You know that age-old joke that Americans rely way too much on their guns? Well, it's not always a joke in this day and age, but the comic side of our friends over the pond loving their firearms is the central theme of VR title The American Dream, a game that does what many have done and puts guns in your virtual hands, getting you to perform everyday tasks with your trusty pistols, rifles, and other guns... because that's the joke.
Yes, from the very beginning you're treated to this imitation 1950s Americana tutorial that tells you Americans use their guns for everything from mixing cake batter to playing catch with their dad, and so that's what you do. All you do is have to sit there, pick up whatever gun you're given, and complete the various scenarios in front of you, all with the guidance of a companion dog that gives you regular instructions on how to handle your arsenal.
As you're sitting down, your guns can be used with the controllers in your hand (in our case the PS Move controllers). The cool thing about this is that ammunition is unlimited, although the clips get empty, so all you need to do is reload the weapons with new clips each time you find yourself empty. What's extra cool is that when you're dual wielding pistols you have the option to slam a button when you're out of ammo that fires a full clip up in the air, turning things slow-motion for a second while you catch the clip with your gun, making you feel like the baddest action hero of all time.
The trouble is that the shooting isn't always that satisfying. We remember playing arcade game Shooty Fruity and really feeling that we were shooting powerful weaponry when we fired our various firearms, but here it feels like we're shooting BB guns or peashooters - there just isn't the same punch in terms of visuals (recoil, muzzle flash), noise, or damage done to the environment when you shoot at it. What's the point if you can't leave holes in everything around you? What's more is that using weapons with two hands, like the rifle, is often fiddly and very hard to aim.
The plot is that you're a decent, hearty American navigating your life from childhood, including everything from young love to making an honest living, all through set pieces that require you to use your gun. Your first date, for example, is at a carnival with a shooting range, but before that you'll be cleaning your room using guns to shoot at objects you want to tidy up as well. As such you're taken on this ride around a number of set pieces, with your canine companion guiding you through by narrating the entire thing, telling you what you're doing and why, in all a chirpy voice remiscent of American mid-century infomercials.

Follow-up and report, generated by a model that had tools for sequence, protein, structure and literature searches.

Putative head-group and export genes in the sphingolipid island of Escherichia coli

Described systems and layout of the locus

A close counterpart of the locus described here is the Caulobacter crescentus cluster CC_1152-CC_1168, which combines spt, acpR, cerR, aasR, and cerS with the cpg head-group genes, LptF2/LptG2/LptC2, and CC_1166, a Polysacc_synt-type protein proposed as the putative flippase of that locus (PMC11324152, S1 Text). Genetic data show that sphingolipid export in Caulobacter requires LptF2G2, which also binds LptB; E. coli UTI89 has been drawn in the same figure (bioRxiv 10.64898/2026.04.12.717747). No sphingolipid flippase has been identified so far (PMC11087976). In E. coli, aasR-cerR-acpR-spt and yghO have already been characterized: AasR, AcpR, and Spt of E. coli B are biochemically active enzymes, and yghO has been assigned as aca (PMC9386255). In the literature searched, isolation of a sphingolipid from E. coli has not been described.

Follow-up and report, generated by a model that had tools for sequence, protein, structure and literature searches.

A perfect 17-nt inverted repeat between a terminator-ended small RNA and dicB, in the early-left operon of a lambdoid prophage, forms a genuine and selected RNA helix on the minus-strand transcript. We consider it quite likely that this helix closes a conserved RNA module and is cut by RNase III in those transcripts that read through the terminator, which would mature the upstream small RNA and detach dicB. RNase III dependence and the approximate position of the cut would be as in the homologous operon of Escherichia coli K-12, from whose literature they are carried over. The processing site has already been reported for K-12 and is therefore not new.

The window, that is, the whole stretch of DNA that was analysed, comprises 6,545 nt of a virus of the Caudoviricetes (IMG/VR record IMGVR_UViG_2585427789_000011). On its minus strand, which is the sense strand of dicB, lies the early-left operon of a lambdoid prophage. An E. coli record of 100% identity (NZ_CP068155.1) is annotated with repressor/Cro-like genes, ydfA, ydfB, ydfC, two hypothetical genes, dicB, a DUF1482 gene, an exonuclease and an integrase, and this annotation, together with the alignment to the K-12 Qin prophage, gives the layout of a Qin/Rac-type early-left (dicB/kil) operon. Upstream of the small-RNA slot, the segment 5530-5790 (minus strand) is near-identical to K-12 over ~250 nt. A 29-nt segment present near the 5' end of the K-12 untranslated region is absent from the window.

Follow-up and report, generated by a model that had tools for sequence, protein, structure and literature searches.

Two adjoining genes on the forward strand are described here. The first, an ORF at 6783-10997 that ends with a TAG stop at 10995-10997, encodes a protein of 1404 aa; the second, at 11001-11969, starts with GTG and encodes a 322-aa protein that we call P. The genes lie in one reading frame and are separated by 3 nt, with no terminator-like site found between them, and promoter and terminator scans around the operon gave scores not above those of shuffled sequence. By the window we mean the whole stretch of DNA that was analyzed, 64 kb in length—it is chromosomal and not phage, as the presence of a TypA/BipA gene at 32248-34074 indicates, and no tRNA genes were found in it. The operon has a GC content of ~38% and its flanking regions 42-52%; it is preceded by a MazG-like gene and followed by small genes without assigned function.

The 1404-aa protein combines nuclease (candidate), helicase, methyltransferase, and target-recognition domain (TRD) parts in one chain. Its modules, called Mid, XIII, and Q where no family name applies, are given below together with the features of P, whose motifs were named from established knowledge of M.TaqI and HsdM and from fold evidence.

The trouble is that the joke gets thin real fast. It feels as if this could have all been one level in another game, but the gag that "you're using guns for everyday tasks, isn't that SO American" is not only repetitive but also not nearly funny enough to prop up an entire game. Sure, there are chuckle moments like when you have to dunk the communist at the fairground, but all in all the whole Americana thing is overdone and poorly executed, without the substance to really even be a satire on American culture. Instead, it simply recycles stereotypes while getting you to do silly things, much like in something like Job Simulator.
It also doesn't help that you have to sit through a whole load of talking and waiting around in between things. For a game like this you really need to be shooting at all times, but hearing the dog spout witticisms and story explanation before giving you a simple task gets frustrating, especially when these tasks are nothing more than just shooting a sign.
With the lack of visual fidelity on offer as well (things are often quite angular, or clipping through each other), The American Dream falls short of its ambition to be a witty, entertaining little VR shooter. Instead, it becomes rather dull rather fast as you do simple tasks again and again, and the story isn't nearly funny enough to excuse the bland experience it's providing. It may be worth it for an afternoon, but there are plenty of other VR shooters on the market that are more worthy of your time instead.